I’m saying this because I want everyone to understand that no one is going to latch themselves to a plane knowing that they are going to fall to their death unless the sky is safer than Earth for them. People such as me, people from Afghanistan, come here or go to other countries in the world simply because they want to survive.

Narration: Now, in her third year at UC Berkeley, Maryam is watching with her family and friends as the Taliban once again takes control of her home country.

[Music fades]

Anne Brice: How is your family doing right now where you are in Fremont, but also in Afghanistan?

Maryam Karimi: My family right here in Fremont and all the family friends that we have here are extremely devastated. Their mental health is deteriorating day by day because they are seeing all these things that are going on in their motherland, but they cannot do anything about it.

And also, they feel survivor’s guilt. All of us feel, “How am I better than people who fell from the plane and died, who were ripped into pieces?” And, at the same time, this helplessness that they cannot do anything. All they can do is send their hard-earned money that they earn here to feed their family members over there and constantly worry about them.

And my family in Afghanistan, they’re in a far worse situation. Many of my family members have been displaced from their homes that they lived in outside of Kabul. Most of them lost their jobs. They are very hopeless. They are looking for a way out. And they’re always telling us, “Please do something so we can get out of here. Is there any way?” And we’re telling them that we’re doing our best.

Anne Brice: I’m curious, so, when we talked before, you were talking about how getting an education was so important to you and how it’s so special to you that you’re able to be a role model to girls. How are you feeling right now about the girls and the women who are in stuck in Afghanistan now?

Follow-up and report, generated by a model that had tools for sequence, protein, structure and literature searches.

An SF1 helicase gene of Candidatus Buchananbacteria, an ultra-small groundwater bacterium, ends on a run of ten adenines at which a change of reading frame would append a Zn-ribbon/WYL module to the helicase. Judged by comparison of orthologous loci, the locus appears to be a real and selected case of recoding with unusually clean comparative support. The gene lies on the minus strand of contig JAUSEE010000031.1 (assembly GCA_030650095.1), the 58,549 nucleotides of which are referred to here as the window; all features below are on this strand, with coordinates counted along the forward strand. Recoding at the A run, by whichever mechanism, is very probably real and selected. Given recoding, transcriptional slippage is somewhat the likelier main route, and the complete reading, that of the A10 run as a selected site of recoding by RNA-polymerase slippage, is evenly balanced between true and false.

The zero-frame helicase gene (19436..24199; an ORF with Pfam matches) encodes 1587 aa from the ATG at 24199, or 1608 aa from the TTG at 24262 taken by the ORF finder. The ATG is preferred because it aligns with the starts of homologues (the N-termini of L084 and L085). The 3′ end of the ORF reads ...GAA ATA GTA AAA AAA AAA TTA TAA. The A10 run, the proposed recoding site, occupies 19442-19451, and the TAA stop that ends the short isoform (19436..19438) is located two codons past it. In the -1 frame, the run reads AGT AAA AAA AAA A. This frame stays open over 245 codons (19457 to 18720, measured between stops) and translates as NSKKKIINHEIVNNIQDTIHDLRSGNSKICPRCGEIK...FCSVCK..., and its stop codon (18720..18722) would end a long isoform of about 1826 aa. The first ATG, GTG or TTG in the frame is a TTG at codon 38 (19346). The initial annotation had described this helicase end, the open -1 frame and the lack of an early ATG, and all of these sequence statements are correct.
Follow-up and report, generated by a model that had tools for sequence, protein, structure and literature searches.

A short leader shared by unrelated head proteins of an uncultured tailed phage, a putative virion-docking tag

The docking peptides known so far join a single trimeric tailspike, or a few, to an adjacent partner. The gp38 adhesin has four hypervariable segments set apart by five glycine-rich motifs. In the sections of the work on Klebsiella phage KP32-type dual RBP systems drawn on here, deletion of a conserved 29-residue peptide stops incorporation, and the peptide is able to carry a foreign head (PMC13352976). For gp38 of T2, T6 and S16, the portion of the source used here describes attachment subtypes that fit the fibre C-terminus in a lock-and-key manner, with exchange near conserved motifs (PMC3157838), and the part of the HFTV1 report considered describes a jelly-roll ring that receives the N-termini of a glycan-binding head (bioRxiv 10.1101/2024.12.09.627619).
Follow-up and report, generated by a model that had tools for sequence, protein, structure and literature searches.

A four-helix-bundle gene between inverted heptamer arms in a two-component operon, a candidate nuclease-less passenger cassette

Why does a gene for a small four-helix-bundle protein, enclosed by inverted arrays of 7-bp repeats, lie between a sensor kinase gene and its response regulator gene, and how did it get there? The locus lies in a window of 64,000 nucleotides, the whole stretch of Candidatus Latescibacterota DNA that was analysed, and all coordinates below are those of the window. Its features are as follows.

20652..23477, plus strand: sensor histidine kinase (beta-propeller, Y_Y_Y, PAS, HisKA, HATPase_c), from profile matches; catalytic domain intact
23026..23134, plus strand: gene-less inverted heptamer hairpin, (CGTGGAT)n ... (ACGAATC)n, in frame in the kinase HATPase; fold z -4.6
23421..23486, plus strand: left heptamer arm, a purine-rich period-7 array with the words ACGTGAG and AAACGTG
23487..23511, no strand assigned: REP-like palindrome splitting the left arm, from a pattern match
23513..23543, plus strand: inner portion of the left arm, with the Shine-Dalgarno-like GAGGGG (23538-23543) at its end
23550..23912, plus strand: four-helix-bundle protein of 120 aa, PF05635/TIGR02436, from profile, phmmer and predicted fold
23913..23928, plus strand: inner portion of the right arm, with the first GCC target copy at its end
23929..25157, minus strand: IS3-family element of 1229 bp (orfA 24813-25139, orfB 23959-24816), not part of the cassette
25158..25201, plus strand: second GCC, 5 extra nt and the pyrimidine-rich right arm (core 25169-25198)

Maryam Karimi: Right now, my biggest concern about Afghanistan is education — education of women and girls and women’s rights, in general. We can see that, in the past, women’s rights and education has been jeopardized by terrorist groups that ruled Afghanistan, and it continues to be jeopardized to this day. I’m really concerned about how the education system will be implemented after this because the people that are in power right now, they do not believe in this education system.

And about women — women have worked so hard in the past 20 years to achieve everything that they have achieved right now. If this keeps going on, all of that will be for nothing.

That’s why I’m asking the United States government and the United Nations and human rights activists to speak out for women in Afghanistan — because we don’t want to go back to the Dark Ages. We don’t want to leave them alone.

Anne Brice: I know you’re really active on social media, especially with Afghan girls in Afghanistan and here. And I’m curious what communication you’ve had with them in the past few weeks or few months?

Maryam Karimi: I have been communicating with a lot of Afghan girls through social media, and I have gotten a lot of messages from them, as well. And because I was really hurt by all these situations, I was expressing my feelings on social media. I was showing how sad I was because I couldn’t stop myself. I wanted to be there with them.

[Music: “Tessalit” by Blue Dot Sessions ]

And it was really incredible that some of them were giving me hope. They were sending me messages of love and hope, and they were asking me to be strong.

They were telling me that when they look at me, they see hope. But when I look hopeless, and I don’t give them hope, then how are they supposed to feel?

They are in the fire and I’m outside of it, watching it from far away. They are telling me to be hopeful, to not give up, to still keep raising awareness and try to get the United Nations and the nations in the world to hear us and their concerns.
At the same time, I’ve been getting messages from them that they are scared.

They haven’t been out of the house for many days now. And even though there have been words from these people that are in power right now in Afghanistan that they do not want to hurt any women or that they have changed, they don’t believe it. They have heard everything that their parents went through and they have read history. So, they are really concerned.

Anne Brice: Can you share a few messages that you have received from girls in Afghanistan recently?